Male pigs should be castrated between 2-7 days by a trained and competent person.
If castration is carried out from 8-21 days effective restraint is necessary to perform the operation and pain medication is appropriate.
Male pigs older than 21 days must be castrated under anesthesia by veterinary practitioner.
In the commercial pork industry male piglets remain entire and immune-castration is utilised.
Pigs must be suitably identified applicable to the production system and current regulations.
|Tail docking piglets
All pigs 25 kg and over must be tattooed with your registered swine brand number issued by the local Livestock Health and Pest Authority (LHPA). Pigs should be branded on one or both shoulders. In NSW the crown brand may be applied by the LHPA by arrangement for people who don’t regularly trade pigs and do not have their own swine brand number.
When required, tails are docked leaving a stump of two to three centimetres in length. This activity should be carried out within the first week, preferably when the piglets are one day old.
Teeth trimming is done to reduce the chance of piglets injuring the sow or each other. It is most commonly carried out in intensive piggeries and is not generally required when piglets are raised under more extensive conditions.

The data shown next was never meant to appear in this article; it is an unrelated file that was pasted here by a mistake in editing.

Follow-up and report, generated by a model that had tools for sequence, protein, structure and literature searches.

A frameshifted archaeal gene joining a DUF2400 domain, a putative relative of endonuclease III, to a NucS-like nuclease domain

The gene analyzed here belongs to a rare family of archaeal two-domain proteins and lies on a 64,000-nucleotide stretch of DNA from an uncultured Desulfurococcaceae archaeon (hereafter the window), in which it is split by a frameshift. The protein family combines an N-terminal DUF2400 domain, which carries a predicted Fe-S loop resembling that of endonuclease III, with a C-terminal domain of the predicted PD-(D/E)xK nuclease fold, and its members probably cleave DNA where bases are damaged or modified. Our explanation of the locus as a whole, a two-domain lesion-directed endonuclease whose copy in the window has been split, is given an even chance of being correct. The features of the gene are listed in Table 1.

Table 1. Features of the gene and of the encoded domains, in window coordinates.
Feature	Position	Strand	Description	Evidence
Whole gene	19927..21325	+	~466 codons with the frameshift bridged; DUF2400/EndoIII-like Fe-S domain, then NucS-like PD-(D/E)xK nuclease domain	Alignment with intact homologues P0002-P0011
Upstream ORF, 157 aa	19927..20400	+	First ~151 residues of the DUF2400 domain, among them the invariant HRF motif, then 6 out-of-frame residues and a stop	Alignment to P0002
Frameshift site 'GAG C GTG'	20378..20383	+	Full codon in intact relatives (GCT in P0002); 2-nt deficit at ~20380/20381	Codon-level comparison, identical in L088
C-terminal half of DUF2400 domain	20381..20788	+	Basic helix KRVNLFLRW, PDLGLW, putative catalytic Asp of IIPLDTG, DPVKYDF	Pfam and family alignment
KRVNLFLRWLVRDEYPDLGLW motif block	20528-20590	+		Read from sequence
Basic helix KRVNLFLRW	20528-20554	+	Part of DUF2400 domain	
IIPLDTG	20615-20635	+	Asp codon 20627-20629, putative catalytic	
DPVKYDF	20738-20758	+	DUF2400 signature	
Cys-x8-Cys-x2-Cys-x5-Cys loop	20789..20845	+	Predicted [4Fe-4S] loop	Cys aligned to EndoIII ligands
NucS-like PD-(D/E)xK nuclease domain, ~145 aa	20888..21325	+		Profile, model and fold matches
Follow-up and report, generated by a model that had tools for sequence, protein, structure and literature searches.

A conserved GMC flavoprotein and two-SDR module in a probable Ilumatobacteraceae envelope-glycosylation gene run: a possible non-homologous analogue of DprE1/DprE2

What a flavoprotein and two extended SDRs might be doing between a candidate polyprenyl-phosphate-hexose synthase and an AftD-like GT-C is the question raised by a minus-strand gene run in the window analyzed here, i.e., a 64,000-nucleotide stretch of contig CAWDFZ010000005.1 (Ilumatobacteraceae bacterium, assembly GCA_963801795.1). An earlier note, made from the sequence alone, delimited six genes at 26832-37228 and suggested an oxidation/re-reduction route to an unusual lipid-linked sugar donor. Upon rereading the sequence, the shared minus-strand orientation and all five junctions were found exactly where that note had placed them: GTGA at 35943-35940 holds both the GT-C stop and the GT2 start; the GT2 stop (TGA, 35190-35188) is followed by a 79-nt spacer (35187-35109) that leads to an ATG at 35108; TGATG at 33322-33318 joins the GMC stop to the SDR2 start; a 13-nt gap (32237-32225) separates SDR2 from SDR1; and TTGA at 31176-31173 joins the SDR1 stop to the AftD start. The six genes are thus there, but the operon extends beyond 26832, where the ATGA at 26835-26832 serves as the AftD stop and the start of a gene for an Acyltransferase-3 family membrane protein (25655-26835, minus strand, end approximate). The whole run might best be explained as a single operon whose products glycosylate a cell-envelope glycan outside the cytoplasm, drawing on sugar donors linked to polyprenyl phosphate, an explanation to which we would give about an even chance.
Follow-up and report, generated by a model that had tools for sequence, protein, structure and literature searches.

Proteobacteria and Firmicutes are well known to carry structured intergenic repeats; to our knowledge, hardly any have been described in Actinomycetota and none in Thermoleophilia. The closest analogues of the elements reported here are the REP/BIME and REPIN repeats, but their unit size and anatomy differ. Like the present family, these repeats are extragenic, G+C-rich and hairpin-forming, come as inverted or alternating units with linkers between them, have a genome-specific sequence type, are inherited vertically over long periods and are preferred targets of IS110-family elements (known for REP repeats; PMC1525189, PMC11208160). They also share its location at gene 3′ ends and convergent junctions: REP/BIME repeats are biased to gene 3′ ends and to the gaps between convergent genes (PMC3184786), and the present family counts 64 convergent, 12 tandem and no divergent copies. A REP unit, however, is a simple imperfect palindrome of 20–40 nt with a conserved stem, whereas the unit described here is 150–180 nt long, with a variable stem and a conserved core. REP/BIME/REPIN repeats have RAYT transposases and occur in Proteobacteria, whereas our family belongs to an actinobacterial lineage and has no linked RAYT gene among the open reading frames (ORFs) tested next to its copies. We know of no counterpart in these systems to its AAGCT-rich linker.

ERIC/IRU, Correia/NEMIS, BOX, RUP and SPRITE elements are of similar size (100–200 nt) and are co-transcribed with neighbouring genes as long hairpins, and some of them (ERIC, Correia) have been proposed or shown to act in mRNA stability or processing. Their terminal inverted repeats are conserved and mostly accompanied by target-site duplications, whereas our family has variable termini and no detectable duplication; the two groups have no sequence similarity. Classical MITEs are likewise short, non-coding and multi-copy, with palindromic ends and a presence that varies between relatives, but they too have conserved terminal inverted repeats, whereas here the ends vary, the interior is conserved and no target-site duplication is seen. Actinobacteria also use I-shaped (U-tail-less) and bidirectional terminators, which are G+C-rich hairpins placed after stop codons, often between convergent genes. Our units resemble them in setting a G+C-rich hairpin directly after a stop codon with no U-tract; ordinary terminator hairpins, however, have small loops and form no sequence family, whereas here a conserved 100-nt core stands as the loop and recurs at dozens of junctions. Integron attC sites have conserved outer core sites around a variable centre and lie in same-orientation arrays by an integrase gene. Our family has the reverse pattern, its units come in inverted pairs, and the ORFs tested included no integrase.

If it is to be done, it should be carried out within the first week, preferably when the piglets are one day old. Holding the piglet behind the neck will cause it to automatically open its mouth. Care needs to be taken not to cut the gum as this can cause abscessation.
Nose ringing should be avoided. However, this procedure may need to be performed as a last resort, to prevent adverse effects to the environment, if pigs are kept on pasture. Nose rings should be placed through the cartilage of the top of the snout or the tissues separating the nostrils.
Provision of adequate substrate or pasture for chewing can provide for exploratory or foraging behaviour and deter pigs from rooting up ground excessively.
Where it is necessary to mark pigs for permanent identification, the ear may be tattooed, tagged, punched, or the body may be tattooed or a micro-chip implanted.
Tusk trimming of boars is necessary where injury to humans or animals is likely to occur. Tusk trimming should be conducted using embryotomy wire. The boar should be appropriately restrained and, if necessary, sedated for restraint. Analgesia is not required as the tusk lacks sensory nerves. Tusks should be severed cleanly above the level of the gums without causing damage to other tissues.
Assistance from a veterinarian is advisable unless the operator is very experienced in tusk trimming.